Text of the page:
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Case Report

Open Vet J. 2023; 13(11): 1498-1503

A case series of urinary bladder rhabdomyosarcoma in seven dogs

Alessio Pierini, Maria Carla Criscuolo, Roberta Caccamo, Enrico Bottero, Andrea Campanile, Guido Pisani, Veronica Marchetti, Elena Benvenuti.

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Juvenile urinary bladder rhabdomyosarcoma is a known entity, however literature regarding its clinical behavior and endoscopic features is scarce. The aim of this study was to describe clinical, endoscopic features and outcome of urinary bladder rhabdomyosarcoma in dogs.
Case Description:
Dogs undergoing transurethral endoscopy and with a histological diagnosis of urinary bladder rhabdomyosarcoma were retrospectively collected. Seven dogs with a median age of 18 months (range 6-32 months) were included in this retrospective, multicenter, descriptive study. Median tumor size was 58 mm (range 30-65 mm), and tumor location was bladder neck in three cases, trigone in two cases and bladder body in two cases. Two dogs had monolateral ureteral obstruction. Two dogs presented with regional lymphadenopathy and one dog had lung lesions suggestive of metastatic disease. A grape-like mass was reported in four cases and solid in two, with variable consistency (two friables, two firms, two not reported). Tumor treatments included surgery in three cases, surgery and adjuvant doxorubicin in one case, and palliative therapy in three cases. Overall median survival time was 45 days. Survival times were shorter (range 20-45 days) for dogs treated with palliative care than for dogs treated with curative-intent treatment (range 70-120 days).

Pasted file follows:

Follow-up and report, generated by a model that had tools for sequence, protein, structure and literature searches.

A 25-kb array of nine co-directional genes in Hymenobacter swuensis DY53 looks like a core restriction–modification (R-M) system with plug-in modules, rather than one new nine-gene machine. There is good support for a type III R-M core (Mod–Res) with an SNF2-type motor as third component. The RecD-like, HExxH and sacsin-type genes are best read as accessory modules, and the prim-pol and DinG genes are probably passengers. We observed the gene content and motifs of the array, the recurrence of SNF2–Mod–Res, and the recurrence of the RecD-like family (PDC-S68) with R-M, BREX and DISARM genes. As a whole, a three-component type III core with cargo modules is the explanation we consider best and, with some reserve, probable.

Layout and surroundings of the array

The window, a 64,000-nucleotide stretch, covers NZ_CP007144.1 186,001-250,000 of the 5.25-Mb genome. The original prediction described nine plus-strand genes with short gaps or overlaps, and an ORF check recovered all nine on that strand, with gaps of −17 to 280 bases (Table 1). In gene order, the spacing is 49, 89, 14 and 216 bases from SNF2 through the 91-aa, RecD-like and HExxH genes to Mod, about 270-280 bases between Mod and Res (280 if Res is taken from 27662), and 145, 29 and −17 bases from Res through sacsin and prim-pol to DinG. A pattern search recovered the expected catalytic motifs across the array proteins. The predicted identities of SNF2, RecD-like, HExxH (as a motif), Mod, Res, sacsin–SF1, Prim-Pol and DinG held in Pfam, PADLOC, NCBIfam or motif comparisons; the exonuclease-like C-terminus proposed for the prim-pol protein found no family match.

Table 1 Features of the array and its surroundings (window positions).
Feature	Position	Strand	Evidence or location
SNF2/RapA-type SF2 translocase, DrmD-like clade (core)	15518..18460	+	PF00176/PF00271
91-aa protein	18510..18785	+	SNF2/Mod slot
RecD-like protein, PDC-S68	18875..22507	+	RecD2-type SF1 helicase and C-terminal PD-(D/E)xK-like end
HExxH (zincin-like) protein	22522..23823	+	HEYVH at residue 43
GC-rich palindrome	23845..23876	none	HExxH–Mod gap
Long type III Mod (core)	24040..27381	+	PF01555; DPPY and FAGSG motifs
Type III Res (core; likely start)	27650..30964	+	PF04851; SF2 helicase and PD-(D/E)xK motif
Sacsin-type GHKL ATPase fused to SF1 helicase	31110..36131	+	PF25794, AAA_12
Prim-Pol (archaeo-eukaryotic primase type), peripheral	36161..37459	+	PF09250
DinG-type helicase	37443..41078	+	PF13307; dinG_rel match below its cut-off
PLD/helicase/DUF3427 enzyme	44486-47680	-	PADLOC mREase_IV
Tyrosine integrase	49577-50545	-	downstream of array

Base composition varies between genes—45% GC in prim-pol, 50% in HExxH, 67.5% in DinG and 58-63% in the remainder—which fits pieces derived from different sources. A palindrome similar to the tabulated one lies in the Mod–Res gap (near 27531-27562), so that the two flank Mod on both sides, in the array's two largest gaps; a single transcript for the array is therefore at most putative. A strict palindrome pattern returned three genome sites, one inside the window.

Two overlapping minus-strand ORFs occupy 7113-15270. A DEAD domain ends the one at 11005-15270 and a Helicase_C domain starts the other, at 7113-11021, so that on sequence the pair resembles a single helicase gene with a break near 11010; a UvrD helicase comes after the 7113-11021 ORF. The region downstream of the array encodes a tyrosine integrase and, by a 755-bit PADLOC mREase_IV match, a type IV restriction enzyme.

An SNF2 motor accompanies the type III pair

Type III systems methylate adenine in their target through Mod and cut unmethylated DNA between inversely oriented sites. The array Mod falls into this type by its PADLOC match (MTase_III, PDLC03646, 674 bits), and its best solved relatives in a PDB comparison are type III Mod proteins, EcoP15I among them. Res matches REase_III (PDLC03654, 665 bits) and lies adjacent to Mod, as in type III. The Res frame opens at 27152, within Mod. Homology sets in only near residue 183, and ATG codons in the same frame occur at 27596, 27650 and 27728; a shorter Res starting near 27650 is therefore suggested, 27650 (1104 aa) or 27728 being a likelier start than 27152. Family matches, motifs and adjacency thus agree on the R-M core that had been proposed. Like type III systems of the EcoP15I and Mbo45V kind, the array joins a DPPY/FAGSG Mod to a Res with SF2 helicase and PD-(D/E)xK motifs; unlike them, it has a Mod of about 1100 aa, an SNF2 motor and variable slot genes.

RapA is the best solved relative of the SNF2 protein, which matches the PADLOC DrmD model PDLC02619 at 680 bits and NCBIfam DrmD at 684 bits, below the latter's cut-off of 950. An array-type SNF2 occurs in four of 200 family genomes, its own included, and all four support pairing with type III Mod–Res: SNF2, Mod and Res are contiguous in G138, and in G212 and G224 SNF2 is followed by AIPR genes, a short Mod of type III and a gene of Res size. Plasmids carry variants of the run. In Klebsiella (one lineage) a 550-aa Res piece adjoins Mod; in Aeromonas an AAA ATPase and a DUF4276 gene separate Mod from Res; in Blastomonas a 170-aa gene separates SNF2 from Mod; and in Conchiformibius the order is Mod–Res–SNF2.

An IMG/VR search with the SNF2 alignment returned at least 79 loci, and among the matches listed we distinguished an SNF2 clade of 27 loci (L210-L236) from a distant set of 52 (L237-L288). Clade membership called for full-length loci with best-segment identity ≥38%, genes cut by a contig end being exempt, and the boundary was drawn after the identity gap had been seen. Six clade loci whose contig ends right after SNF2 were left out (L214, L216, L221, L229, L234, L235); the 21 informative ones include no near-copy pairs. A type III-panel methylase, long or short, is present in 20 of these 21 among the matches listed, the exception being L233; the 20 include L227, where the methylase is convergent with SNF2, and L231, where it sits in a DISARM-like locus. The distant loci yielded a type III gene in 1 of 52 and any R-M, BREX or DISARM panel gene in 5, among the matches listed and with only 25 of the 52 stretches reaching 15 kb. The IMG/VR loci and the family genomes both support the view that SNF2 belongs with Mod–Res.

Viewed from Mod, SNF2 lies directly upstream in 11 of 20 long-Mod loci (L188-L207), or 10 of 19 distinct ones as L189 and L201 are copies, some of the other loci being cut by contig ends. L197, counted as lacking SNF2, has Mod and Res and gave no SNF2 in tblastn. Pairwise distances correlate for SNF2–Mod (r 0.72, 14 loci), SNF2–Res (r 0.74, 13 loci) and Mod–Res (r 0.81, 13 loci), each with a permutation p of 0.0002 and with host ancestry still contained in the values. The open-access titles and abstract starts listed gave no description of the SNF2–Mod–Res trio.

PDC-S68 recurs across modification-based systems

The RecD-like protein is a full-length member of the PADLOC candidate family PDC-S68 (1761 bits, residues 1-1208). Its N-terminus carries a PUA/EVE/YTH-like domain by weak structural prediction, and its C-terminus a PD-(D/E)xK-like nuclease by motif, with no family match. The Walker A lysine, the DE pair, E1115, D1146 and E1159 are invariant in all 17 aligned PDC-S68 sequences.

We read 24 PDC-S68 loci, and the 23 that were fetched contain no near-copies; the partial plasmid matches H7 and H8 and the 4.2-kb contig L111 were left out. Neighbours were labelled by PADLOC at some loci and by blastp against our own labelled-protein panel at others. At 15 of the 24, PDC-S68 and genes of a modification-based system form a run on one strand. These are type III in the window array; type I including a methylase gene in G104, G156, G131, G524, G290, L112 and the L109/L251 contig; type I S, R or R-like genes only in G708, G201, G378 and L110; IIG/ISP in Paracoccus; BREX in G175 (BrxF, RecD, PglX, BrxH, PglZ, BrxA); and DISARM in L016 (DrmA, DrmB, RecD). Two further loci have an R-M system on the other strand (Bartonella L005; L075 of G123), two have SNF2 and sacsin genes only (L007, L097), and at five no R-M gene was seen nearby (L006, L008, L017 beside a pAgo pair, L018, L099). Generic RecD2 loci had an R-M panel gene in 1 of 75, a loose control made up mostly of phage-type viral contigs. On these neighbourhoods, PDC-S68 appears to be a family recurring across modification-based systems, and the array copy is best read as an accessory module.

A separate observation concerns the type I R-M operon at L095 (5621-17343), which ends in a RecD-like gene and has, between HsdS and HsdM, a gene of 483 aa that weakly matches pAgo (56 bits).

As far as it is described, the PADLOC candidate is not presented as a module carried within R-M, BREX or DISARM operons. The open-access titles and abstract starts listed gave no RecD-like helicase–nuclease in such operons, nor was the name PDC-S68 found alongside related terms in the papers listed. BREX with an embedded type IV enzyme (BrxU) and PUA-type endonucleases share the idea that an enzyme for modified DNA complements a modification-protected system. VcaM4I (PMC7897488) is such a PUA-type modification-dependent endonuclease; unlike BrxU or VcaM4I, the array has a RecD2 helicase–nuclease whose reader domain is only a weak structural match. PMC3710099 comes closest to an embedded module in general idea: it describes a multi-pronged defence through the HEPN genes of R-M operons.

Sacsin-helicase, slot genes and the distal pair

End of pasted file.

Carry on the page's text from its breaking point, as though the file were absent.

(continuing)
Urinary bladder rhabdomyosarcoma should be considered as a differential diagnosis in young dogs presenting with bladder masses. In this study, urinary bladder rhabdomyosarcoma confirmed its aggressive clinical behavior. Surgery and chemotherapy seem to increase survival times but prognosis remains poor.

Key words: Canine, Chemotherapy, Endoscopy, Prostatectomy, Sarcoma

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